Survival, Imagining, Moral Reasoning
The thing that comes to mind is a new-born, when you said "the stupidest human", and it already has some basic “survival instincts”. It will avoid pain, consume food, and quickly learn to distinguish "safe" and "dangerous" conditions and people.
We have computer programs that can learn chess and calculate the optimal move in a split second, but isn't playing chess is a bit pointless. Merely being able to play a board game is of little value from a survival perspective, industrial perspective, or economic perspective.
There are programs that can do things that are very helpful for the modern world, but as far as I know, they just don't have survival instincts. A self-learning robot; left in a forest with all the tools it needs to generate power for, build duplicates of, maintain and defend its self; probably wouldn't be able to learn how to do so in time to ensure its survival. Our current self learning programs would need to be able to identify when it has succeeded or failed to improve its survival odds. A child of two may learn fast enough to survive if the conditions are not too severe and non-toxic food and some form of shelter is nearby.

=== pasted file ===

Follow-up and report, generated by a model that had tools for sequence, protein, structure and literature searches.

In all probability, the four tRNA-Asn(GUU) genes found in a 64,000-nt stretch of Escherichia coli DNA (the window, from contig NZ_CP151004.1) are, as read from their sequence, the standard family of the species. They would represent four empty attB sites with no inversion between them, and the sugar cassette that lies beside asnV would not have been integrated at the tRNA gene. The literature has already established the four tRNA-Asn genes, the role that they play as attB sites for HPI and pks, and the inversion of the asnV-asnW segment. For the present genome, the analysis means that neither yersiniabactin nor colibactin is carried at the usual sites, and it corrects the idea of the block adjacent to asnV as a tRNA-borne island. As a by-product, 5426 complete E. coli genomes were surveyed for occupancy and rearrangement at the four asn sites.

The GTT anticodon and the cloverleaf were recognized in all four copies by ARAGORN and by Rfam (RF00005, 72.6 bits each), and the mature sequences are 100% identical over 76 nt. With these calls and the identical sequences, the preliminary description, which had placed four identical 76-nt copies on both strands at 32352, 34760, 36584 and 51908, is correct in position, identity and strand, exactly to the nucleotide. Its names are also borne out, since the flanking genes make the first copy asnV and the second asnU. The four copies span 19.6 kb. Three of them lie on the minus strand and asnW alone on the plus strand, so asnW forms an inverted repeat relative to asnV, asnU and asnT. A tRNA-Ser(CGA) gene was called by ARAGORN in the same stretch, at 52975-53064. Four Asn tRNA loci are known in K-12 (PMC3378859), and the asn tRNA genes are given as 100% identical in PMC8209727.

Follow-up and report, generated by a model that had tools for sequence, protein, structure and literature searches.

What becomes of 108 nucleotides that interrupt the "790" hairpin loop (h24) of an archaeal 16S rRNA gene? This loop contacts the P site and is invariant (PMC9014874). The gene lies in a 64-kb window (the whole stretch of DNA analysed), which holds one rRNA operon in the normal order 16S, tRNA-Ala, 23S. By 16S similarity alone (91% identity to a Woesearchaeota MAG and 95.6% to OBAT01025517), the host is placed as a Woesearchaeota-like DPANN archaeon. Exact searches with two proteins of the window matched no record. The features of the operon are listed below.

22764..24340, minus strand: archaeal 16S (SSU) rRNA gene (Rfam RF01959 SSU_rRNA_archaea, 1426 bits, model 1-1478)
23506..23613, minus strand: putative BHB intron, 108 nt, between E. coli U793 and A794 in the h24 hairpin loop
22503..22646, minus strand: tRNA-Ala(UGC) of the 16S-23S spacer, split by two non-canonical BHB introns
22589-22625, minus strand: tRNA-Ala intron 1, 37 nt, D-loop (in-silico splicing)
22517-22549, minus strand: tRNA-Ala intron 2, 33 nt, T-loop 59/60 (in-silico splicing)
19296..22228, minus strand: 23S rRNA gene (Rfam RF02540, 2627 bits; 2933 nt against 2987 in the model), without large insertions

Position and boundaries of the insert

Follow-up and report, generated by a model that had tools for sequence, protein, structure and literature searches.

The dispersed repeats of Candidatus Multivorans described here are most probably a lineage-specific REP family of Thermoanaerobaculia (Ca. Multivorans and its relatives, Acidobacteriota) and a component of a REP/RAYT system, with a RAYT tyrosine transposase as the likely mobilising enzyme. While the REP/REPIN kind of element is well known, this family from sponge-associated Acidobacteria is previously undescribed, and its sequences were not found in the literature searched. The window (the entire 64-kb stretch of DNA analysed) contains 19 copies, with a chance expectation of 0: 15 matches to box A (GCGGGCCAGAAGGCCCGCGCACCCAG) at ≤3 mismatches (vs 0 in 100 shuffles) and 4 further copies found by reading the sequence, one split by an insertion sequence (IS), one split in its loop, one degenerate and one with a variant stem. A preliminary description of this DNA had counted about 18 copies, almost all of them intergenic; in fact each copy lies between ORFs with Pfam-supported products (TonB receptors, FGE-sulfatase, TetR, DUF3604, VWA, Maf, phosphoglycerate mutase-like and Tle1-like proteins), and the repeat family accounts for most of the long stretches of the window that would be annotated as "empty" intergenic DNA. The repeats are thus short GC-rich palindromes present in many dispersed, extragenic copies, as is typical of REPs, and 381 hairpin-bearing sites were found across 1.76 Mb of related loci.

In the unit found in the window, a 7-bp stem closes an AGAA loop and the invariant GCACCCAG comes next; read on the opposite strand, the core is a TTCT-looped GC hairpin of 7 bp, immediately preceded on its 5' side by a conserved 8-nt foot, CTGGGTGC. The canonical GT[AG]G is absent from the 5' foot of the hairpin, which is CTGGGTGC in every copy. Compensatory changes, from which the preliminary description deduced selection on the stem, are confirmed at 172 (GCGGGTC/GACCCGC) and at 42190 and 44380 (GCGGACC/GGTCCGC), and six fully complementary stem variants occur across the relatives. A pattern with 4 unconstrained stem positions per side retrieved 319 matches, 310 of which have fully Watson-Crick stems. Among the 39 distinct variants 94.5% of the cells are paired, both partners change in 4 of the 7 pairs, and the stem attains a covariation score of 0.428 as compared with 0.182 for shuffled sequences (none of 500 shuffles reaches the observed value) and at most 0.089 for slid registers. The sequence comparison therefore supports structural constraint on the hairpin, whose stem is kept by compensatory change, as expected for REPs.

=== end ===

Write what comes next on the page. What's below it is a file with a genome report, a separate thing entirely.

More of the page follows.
A financially poor, marginally educated person with lower than average aptitude working at a farm or factory might not be able to play chess well, but they would definitely be able to tell if someone is murdering someone else, and know to flee and seek the authorities. A robot that can play chess would not.
Furthermore, humans can continue to learn when separated from the problem by thinking about the problem. The ability to construct arbitrary models and run thought experiments is currently unique to humans.
That said, I do hope that we will soon have programs that well replicate the human mind, and demonstrate some of the aspects of what we call consciousness.